Visual C++ reports not one but two problems with our code. The second error message comes from line 10, error code C1010:

unexpected end of file while looking for precompiled header. Did you forget to add '#include "StdAfx.h"' to your source?


Here, the compiler is telling us it kept looking for our precompiled header ’til it hit the end of the file. It never found it, but it thinks it could be in stdafx.h. Unless you’ve been reading ahead, it won’t find it there either. It doesn’t know either way because we never told it to look there. i.e., we didn’t #include "stdafx.h" at the beginning of our file.

Want to know something freaky? Our program compiles without a hitch in Code::Blocks.

This is because new project’s in Visual C++ are configured to use precompiled headers, but not in Code::Blocks. That tutorial we got our code from probably assumed we weren’t using Microsoft tools but standard tools like GNU Make. In fact, Code::Blocks normally comes with a version of GNU specifically for Windows called MinGW (Minimalist GNU for Windows). That solves that mystery.

But how do we fix our program? I’ll tell you how to change your project’s configuration to get up and running quickly, but I’ll also tell you how to take advantage of precompiled headers if you want to do things the Visual C++ way.

First, if you want Visual C++ to behave like Code::Blocks, right click on your project in the Solution Explorer pane and go to Properties:

The project’s context menu as seen in the Solution Explorer pane.

On the left side of the properties window, drill down to Configuration Properties > C/C++ > Precompiled Headers. Change the first option, simply named Precompiled Header, from “Use (/Yu)” to “Not Using Precompiled Headers,” then click OK.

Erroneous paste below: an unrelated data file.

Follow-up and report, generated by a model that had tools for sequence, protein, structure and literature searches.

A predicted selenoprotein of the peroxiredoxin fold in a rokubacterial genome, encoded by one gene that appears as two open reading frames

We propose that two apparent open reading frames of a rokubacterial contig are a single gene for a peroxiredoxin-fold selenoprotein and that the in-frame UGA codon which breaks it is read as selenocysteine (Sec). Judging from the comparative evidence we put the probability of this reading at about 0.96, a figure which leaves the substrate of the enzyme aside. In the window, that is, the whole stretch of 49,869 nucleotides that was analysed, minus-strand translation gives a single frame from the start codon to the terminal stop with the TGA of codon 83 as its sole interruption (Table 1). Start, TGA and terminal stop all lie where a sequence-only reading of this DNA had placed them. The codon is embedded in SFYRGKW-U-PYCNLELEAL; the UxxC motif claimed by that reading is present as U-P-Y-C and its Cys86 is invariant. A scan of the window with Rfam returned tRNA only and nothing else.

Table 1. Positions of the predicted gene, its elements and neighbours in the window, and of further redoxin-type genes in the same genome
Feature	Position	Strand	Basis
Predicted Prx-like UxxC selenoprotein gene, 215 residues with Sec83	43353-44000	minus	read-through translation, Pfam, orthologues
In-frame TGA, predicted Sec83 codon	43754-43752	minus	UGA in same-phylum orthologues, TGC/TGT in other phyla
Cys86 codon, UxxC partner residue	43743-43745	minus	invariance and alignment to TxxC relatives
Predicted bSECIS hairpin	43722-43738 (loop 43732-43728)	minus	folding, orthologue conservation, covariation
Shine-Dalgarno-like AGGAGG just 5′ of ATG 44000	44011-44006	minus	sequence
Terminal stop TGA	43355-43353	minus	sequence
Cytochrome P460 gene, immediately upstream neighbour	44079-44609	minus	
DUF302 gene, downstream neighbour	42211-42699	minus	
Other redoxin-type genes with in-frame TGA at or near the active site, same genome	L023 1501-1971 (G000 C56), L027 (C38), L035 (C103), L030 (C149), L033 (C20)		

We don’t need no stinking precompiled headers… except for when we do.

Now you can run your program!

#include "stdafx.h"

using namespace std;

int main()
{
cout << "Hello world!" << endl;
return 0;
}


Then add the missing directive to stdafx.h:

#pragma once

#include "targetver.h"

#include <stdio.h>
#include <tchar.h>

#include <iostream>


Now, run your program and celebrate. You are a programmer.

Did you see the console window appear for a brief second and then disappear? Typically, console programs do their thing and then close immediately. You can tell your program to pause and wait by adding a call to system("pause") before the line return 0:

#include "stdafx.h"

using namespace std;

int main()
{
cout << "Hello world!" << endl;
system("pause");
return 0;
}


That way you’ll have time to admire your beautiful program before closing it.

For extra credit, modify your program to print something awesome to the console.

# How to play Left 4 Dead (and Left 4 Dead 2) in split screen mode on PC

Although this has been documented elsewhere (see here and here), the instructions are mostly geared towards people who want to use a gamepad for one player and a keyboard/mouse for another player. If you are fortunate enough to have two gamepads for your PC, then playing Left 4 Dead in split screen mode is surprisingly easy to set up.

Step 1: Download this Xbox 360 controller emulator by Evaldas Jocys. The file you want is named something like x360ce.App-2.0.2.158.zip, give or take the version number. (Sound familiar? This is the same thing we did for Dead Rising 2.)